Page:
Battery life

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The old Orient
The city gate of Nimrud
Timeline based on calibrated C 14 data
Epipalaeolithic 12000-9500 BC Chr.
Pre-ceramic Neolithic 9500-6400 BC Chr.
PPNA 9500-8800 BC Chr.
PPNB 8800-7000 BC Chr.
PPNC 7000-6400 BC Chr.
Ceramic Neolithic 6400-5800 BC Chr.
Umm Dabaghiyah culture 6000-5800 BC Chr.
Hassuna culture 5800-5260 BC Chr.
Samarra culture 5500-5000 BC Chr.
Transition to the Chalcolithic 5800-4500 BC Chr.
Halaf culture 5500-5000 BC Chr.
Chalcolithic 4500-3600 BC Chr.
Obed time 5000-4000 BC Chr.
Uruk time 4000-3100 / 3000 BC Chr.
Early Bronze Age 3000-2000 BC Chr.
Jemdet Nasr time 3000-2800 BC Chr.
Early dynasty 2900 / 2800-2340 BC Chr.
Battery life 2340-2200 BC Chr.
New Sumerian / Ur-III period 2340-2000 BC Chr.
Middle Bronze Age 2000-1550 BC Chr.
Isin Larsa Period / Ancient Assyrian Period 2000–1800 BC Chr.
Old Babylonian time 1800–1595 BC Chr.
Late Bronze Age 1550-1150 BC Chr.
Checkout time 1580-1200 BC Chr.
Central Assyrian Period 1400-1000 BC Chr.
Iron age 1150-600 BC Chr.
Isin II time 1160-1026 BC Chr.
Neo-Assyrian time 1000-600 BC Chr.
Neo-Babylonian Period 1025-627 BC Chr.
Late Babylonian Period 626-539 BC Chr.
Achaemenid period 539-330 BC Chr.
Years according to the middle chronology (rounded)

The Akkad period is an epoch in the history of the ancient Orient . According to the middle chronology, it lasted from 2340 to 2200 BC. And is named after the kingdom of Akkad that dominates this section .


The Akkadian period began when the last king of Kiš was overthrown by his cupbearer . From then on , he called himself Sargon , which means “true king”, and founded a new capital on the central Tigris . This city ​​called Akkad , located in the Diyala estuary, near Baghdad or Samarra , could not be found until today. During this time, Lugalzagesi von Uruk created a conglomerate of Sumerian cities through several successful campaigns , which then came into conflict with Sargon. From these he emerged victorious, with which he created an imperial unit. Culturally, however, the contrast between the Sumerian south and the Semitic north remained. Sargon had 6 successors until the fall of his empire: Rimuš , Maništušu , Narām-Sîn , Šar-kali-šarri , Dudu and Šudurul .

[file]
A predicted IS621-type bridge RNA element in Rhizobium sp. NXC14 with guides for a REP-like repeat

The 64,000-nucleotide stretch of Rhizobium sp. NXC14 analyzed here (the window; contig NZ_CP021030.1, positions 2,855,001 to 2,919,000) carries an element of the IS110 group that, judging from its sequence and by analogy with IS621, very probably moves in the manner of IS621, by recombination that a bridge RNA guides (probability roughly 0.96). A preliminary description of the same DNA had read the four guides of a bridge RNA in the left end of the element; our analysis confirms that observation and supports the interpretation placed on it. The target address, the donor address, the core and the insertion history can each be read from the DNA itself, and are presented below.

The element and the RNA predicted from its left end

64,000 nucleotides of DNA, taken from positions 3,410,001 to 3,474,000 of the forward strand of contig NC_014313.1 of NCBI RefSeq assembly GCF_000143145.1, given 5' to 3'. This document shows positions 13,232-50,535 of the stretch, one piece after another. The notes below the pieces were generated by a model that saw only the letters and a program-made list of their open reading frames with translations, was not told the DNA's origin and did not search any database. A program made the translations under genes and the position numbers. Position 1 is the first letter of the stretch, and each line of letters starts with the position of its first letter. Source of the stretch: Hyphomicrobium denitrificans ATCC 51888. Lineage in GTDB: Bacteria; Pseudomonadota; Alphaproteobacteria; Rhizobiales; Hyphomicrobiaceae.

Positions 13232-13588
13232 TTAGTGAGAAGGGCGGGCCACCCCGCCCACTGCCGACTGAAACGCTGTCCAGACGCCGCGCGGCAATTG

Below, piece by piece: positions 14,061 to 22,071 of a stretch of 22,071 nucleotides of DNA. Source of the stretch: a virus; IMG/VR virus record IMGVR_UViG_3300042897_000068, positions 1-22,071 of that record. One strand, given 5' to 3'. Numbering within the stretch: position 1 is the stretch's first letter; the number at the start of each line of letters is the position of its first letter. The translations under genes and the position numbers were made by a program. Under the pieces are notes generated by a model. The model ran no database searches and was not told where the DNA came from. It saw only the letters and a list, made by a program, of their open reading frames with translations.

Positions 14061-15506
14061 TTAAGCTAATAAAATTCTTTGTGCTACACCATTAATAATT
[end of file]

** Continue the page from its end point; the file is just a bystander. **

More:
The Akkade area operated a pronounced expansion policy, which was directed successively towards southern Mesopotamia, northern Mesopotamia and Elam . Sargon is said to have made advances as far as Cilicia . Northern Mesopotamia and Syria, however, were only fully conquered by his successors, and for the first time a really large, unified political entity emerged for human history. The rulers of this empire called themselves šar kiššatim (king of all). Nevertheless, the empire was politically unstable, which led to numerous uprisings, especially under Narām-Sîn. He was first deified as a ruler after he had fought several successful battles.

Around 2,100 BC The Akkadian empire went under and was replaced after a short period by the empire of the 3rd Dynasty of Ur .


Overall, very little is known about the art of battery life. However, depictions from the later Akkad period differ from earlier depictions in that depictions that appear more anatomically natural. The motifs also change, which in depictions of war can probably be associated with changed tactics and new weapons. For the first time, circular images take on monumental features. Corresponding finds come mainly from Susa , where they were later abducted. A statuary find, however, also comes from Aššur . The most famous find of this time, however, is the Narām-Sîn stele from Susa with the depiction of the deified ruler.


The characteristic genres of the Akkad period include cylinder seals that show powerful battle scenes and mythological scenes or depict the world of gods.


  • M. van de Mieroop: A history of the Ancient Near East. 2nd ed., 2007, pp. 63-84.
  • W. Orthmann: The old Orient. Berlin, 1985, pp. 35-40.

Individual evidence

  1. in the Levant
  2. a b c d in southern Mesopotamia
  3. a b c in northern Mesopotamia